From the IAR Spring Edition
Eleanor Flegg examines Peter Rowen’s portraits of Irish designer-makers at work, currently on view at Dublin Airport to celebrate ID2015
What is most interesting about the word work, wrote Raymond Williams in 1976, is its predominant specialization to regular paid employment. Work, meaning activity and effort or achievement, has been modified ‘by a definition of its imposed conditions, such as ‘steady’ or timed work, or working for a wage or salary: being hired.’ And, at the base of these definitions, runs the ‘short, colloquial and popular word job … the piece of work, the activity you get paid for, the thing you have to catch or to shift or to do, the ordinary working experience.’1
Work, in its wider aspect, is the central theme of ‘Design Island’, a photographic exhibition by Peter Rowen at Dublin Airport. The images show people making things: Philip Cushen teases strands of wool; Ian Walton inspects a watch. Various in their perspectives, the photographs share a sense of concentration. The act of work is an absorbing one. It requires focus.
Rowen’s photographs were taken in workshops and studios around the country; there are 300 in all, printed in large format and strategically placed throughout both Terminal 1 and Terminal 2. The project is part of the programme for Ireland’s Year of Design, ID2015, an initiative of the Design and Crafts Council of Ireland and funded by the Department of Jobs, Enterprise & Innovation, the Department of Foreign Affairs and Trade, and Enterprise Ireland. It’s worth keeping this stream of funding in mind. ID2015 often appears in fancy clothes – it’s a design event after all – but its objective is the creation of jobs. In this context, Design Island can be seen as part of the process that supports an industry by creating a narrative around it. And the story, in this instance, is The Elves and the Shoemaker (worthy tradition is boosted by new magic, the rich man gets his shoes, and everyone is rewarded).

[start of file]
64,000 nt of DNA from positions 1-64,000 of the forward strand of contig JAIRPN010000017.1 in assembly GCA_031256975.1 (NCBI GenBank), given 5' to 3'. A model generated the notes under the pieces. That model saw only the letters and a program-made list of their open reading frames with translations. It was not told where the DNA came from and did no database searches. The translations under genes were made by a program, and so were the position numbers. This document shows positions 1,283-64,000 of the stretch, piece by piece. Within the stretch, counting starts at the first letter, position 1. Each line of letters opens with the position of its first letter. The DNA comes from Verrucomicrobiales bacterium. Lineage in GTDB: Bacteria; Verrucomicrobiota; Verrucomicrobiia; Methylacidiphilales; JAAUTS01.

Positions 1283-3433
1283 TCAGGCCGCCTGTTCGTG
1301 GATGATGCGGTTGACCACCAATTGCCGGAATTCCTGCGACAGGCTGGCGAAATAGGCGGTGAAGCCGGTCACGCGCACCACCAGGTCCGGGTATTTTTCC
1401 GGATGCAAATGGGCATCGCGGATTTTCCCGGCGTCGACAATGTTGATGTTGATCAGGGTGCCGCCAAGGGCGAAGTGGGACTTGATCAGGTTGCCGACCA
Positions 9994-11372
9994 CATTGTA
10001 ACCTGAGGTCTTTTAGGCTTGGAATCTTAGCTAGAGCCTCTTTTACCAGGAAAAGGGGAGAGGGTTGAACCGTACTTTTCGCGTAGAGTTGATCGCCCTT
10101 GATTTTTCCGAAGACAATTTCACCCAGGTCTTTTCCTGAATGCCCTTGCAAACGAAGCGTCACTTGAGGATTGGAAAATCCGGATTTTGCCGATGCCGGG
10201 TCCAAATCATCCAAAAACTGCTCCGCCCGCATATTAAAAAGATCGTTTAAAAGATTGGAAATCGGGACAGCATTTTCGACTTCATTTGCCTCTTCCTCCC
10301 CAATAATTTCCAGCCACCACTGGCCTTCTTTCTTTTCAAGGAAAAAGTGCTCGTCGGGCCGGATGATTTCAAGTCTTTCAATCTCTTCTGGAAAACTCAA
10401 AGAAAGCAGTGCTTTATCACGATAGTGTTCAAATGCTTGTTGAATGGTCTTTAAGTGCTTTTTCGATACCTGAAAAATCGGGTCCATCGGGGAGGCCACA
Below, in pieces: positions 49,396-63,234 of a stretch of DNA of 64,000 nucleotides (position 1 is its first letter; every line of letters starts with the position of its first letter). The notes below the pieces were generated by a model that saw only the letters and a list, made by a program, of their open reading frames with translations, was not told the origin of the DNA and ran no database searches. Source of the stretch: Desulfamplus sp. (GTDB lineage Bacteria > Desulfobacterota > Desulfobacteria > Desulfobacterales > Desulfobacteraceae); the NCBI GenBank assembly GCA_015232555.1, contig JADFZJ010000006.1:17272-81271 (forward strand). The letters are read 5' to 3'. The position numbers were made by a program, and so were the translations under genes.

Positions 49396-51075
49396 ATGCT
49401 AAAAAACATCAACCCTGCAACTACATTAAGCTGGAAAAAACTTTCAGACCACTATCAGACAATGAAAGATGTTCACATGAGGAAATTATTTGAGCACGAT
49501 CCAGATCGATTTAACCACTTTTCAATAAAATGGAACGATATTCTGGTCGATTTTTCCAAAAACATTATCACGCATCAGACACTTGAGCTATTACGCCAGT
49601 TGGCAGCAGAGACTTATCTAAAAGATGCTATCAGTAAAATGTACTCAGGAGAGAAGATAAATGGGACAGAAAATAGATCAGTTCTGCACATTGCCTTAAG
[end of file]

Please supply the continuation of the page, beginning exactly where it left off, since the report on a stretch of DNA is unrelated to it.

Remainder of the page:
The subjects were chosen to reveal the length and breadth of design in Ireland. They include large businesses and one-man-shows, famous designers and students, traditional crafts, industrial manufacture, emerging technologies, and disciplines like engineering that are rarely considered under design’s wide umbrella. Some of the images, like those of Cushendale Woollen Mills and Jerpoint Glass, predate the project (Figs 6&11). Others have not been seen before. The colour photographs of the original brief are interspersed, at Rowen’s suggestion, with images in black and white. They create a sense of timelessness, reminiscent of David Shaw Smith’s Hands series for RTÉ which helps to bridge the old and new traditions.
The colour photographs of the original brief are interspersed, at Rowen’s suggestion, with images in black and white. They create a sense of timelessness, reminiscent of David Shaw Smith’s Hands series for RTÉ